A big fire like that is not a pleasant sight, but fortunately for us it was all over, and we went back to our various jobs. Just as we were starting dinner: another air-raid alarm. The food was good, but I lost my appetite the moment I heard the siren. Nothing happened, however, and forty-five minutes later the all-clear was sounded. After the washing-up: another air-raid warning, gunfire and swarms of planes. ‘Oh gosh, twice in one day,’ we thought, ‘that’s twice too many.’ Little good that did us, because once again the bombs rained down, this time on the other side of the city. According to British reports, Schiphol Airport was bombed. The planes dived and climbed, the air was abuzz with the drone of engines. It was very scary, and the whole time I kept thinking, ‘Here it comes, this is it.’

I can assure you that when I went to bed at nine, my legs were still shaking. At the stroke of midnight I woke up again: more planes! Dussel was undressing, but I took no notice and leapt up, wide awake, at the sound of the first shot. I stayed in Father’s bed until one, in my own bed until one-thirty, and was back in Father’s bed at two. But the planes kept on coming.

Example Conversation.

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Topic: Should domestic cats be eradicated?

Emine Saner: Do you think owning a cat should be made more difficult?

Tom Cox: All cats should be chipped. A cat licence could work, definitely.

Emine Saner: The study in the US published this week showed stray and feral cats were the bigger problem than domestic cats, although these contributed to the killing of birds and mammals, too. Gareth, are you concerned about domestic cats as well?

Gareth Morgan: For me, it’s all cats. I would love New Zealand to have no predators at all. Well, that’s a bit extreme – what I mean is no non-confined predators. I’m fine with dogs on leashes. I’m happy with cats as long as they’re confined. Our cat population is exploding, and it is ferals and strays who are free to roam.

Tom Cox: It’s that question about what nature is. You could say it’s not natural for cats to be here killing so many birds, but that’s part of nature in itself – the fact that, however many thousands of years ago, we realised cats were good at hunting rats and mice, and it’s evolved into this thing where they’re now wonderful companions to people. It’s part of the question of what is natural.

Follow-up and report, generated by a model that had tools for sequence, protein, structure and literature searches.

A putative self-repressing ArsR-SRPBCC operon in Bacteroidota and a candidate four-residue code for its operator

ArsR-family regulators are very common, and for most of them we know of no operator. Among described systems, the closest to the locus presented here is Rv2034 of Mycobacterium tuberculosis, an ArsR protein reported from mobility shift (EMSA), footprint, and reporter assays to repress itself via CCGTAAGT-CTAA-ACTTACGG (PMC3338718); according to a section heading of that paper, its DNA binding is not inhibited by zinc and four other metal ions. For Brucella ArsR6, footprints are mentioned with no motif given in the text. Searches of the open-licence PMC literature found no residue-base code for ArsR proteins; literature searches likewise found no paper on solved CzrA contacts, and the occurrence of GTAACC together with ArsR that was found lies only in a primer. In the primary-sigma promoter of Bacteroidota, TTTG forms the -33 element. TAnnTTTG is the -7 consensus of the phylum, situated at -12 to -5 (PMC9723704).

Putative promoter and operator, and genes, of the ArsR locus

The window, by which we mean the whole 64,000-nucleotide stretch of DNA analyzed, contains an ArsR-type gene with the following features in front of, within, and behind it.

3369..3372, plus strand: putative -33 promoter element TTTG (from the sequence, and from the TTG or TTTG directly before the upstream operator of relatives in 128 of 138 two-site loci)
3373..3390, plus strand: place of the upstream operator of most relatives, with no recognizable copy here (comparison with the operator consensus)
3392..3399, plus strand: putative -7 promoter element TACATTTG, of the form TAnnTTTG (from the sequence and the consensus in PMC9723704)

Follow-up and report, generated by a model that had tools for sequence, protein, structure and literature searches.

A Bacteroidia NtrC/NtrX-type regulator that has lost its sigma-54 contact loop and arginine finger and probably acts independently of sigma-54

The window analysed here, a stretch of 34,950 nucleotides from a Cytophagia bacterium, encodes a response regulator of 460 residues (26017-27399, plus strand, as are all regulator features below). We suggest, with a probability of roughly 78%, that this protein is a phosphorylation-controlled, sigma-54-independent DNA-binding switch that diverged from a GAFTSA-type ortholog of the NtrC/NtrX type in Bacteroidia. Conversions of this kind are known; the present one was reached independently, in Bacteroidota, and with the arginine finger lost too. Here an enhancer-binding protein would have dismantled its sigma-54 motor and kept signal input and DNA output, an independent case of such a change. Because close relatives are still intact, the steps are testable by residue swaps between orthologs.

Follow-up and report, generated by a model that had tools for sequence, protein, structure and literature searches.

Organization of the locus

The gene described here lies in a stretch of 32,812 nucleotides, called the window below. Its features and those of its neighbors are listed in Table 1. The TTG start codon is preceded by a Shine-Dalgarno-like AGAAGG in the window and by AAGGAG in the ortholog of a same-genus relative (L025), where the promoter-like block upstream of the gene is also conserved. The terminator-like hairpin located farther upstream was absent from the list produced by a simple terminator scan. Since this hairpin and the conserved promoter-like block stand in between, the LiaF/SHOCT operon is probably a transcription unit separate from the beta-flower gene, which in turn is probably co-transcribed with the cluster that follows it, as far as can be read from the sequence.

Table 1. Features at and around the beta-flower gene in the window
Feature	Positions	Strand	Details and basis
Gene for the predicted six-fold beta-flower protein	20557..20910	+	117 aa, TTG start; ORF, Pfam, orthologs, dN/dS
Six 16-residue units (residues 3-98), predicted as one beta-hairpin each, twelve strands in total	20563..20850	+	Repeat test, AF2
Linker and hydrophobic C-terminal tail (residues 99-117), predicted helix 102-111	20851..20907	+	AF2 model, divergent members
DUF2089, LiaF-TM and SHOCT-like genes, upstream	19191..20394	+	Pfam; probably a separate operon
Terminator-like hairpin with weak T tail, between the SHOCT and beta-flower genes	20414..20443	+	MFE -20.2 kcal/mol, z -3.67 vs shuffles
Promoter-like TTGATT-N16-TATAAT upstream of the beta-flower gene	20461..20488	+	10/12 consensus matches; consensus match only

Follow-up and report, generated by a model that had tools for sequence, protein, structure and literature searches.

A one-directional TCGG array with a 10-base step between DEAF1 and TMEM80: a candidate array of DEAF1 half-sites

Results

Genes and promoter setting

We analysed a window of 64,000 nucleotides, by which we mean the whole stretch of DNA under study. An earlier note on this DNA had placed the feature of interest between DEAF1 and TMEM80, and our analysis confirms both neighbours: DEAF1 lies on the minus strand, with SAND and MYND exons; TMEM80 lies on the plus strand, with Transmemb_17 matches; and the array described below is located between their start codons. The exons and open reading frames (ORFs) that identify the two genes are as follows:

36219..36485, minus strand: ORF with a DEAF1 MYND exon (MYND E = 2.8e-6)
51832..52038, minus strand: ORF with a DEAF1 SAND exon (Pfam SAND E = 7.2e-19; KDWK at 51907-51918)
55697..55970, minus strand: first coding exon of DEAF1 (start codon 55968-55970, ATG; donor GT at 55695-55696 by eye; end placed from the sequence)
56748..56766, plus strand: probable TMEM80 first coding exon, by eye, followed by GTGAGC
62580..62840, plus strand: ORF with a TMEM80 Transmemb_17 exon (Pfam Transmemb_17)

Emine Saner: Cats are responsible for the deaths of wildlife all over the world. Do you think other countries should consider getting rid of their cats?

Gareth Morgan: That’s not for me to say. That’s a national conversation. I did this to spark the national conversation in New Zealand – I didn’t expect it to go all around the world.

The problem is that you get swamped with the numbers of cats, that’s the issue. Let me put this another way – we do this with stray dogs, but not with cats. Why the discrimination? I think it comes down to the strength of the cat lobby.

Tom Cox: There’s the cliche of the crazy cat lady, and people who don’t like cats say cat-lovers are weirdos. That’s not true – cat lovers are mostly people with a lot of compassion, but there is a minuscule percentage of people who are a little bit over-the-top about cats. I imagine that would be a challenge you might face, Gareth. Have you ever had a cat?

Gareth Morgan: Absolutely. We have cats in the family now – my daughter has one. But it is confined, and that’s the issue, really.

Emine Saner: Could you see a point where cats become indoor-only pets?

Tom Cox: That’s never the way I’ve lived with cats, apart from a short period when I lived in a flat in London. I didn’t feel they were happy. Sometimes I feel, when I meet some people’s indoor cats, they seem a bit dopey, like they’re not properly having the life they should.

Gareth Morgan: I suppose I’d put it another way: do we wait until all our endemic species are extinct and then wonder what we’ve done? That’s up for the public to decide. There is a trade-off here. I’m asking for them to be confined. We’re at a tipping point in New Zealand. We have the highest rate of cat-ownership in the world – 48% of households have one or more cats. It’s a different situation elsewhere, which is why I’m reluctant to translate the New Zealand experience anywhere else. What I’m advocating, policy-wise, for local councils is to trap wandering cats, and if they’re chipped, they go back to the owner. Whether they fine the owner or not – that’s none of my business. I’m not talking about any euthanasia of owned cats.

Emine Saner: But you have said that people shouldn’t replace their cats when they die naturally?

Gareth Morgan: There are people who would find it far too hard to confine them, either physically, or they wouldn’t feel right about it. In those instances, I’m saying make this cat your last, because you owe it to the New Zealand fauna not to let your cat roam.

Example of Editorial.

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Editorial: Lessons to learn from Bangladesh

With the death toll from the collapse of a factory building in Dhaka last month now topping 1,000, the incident has become the worst industrial disaster in South Asia since the Bhopal gas leak in 1984.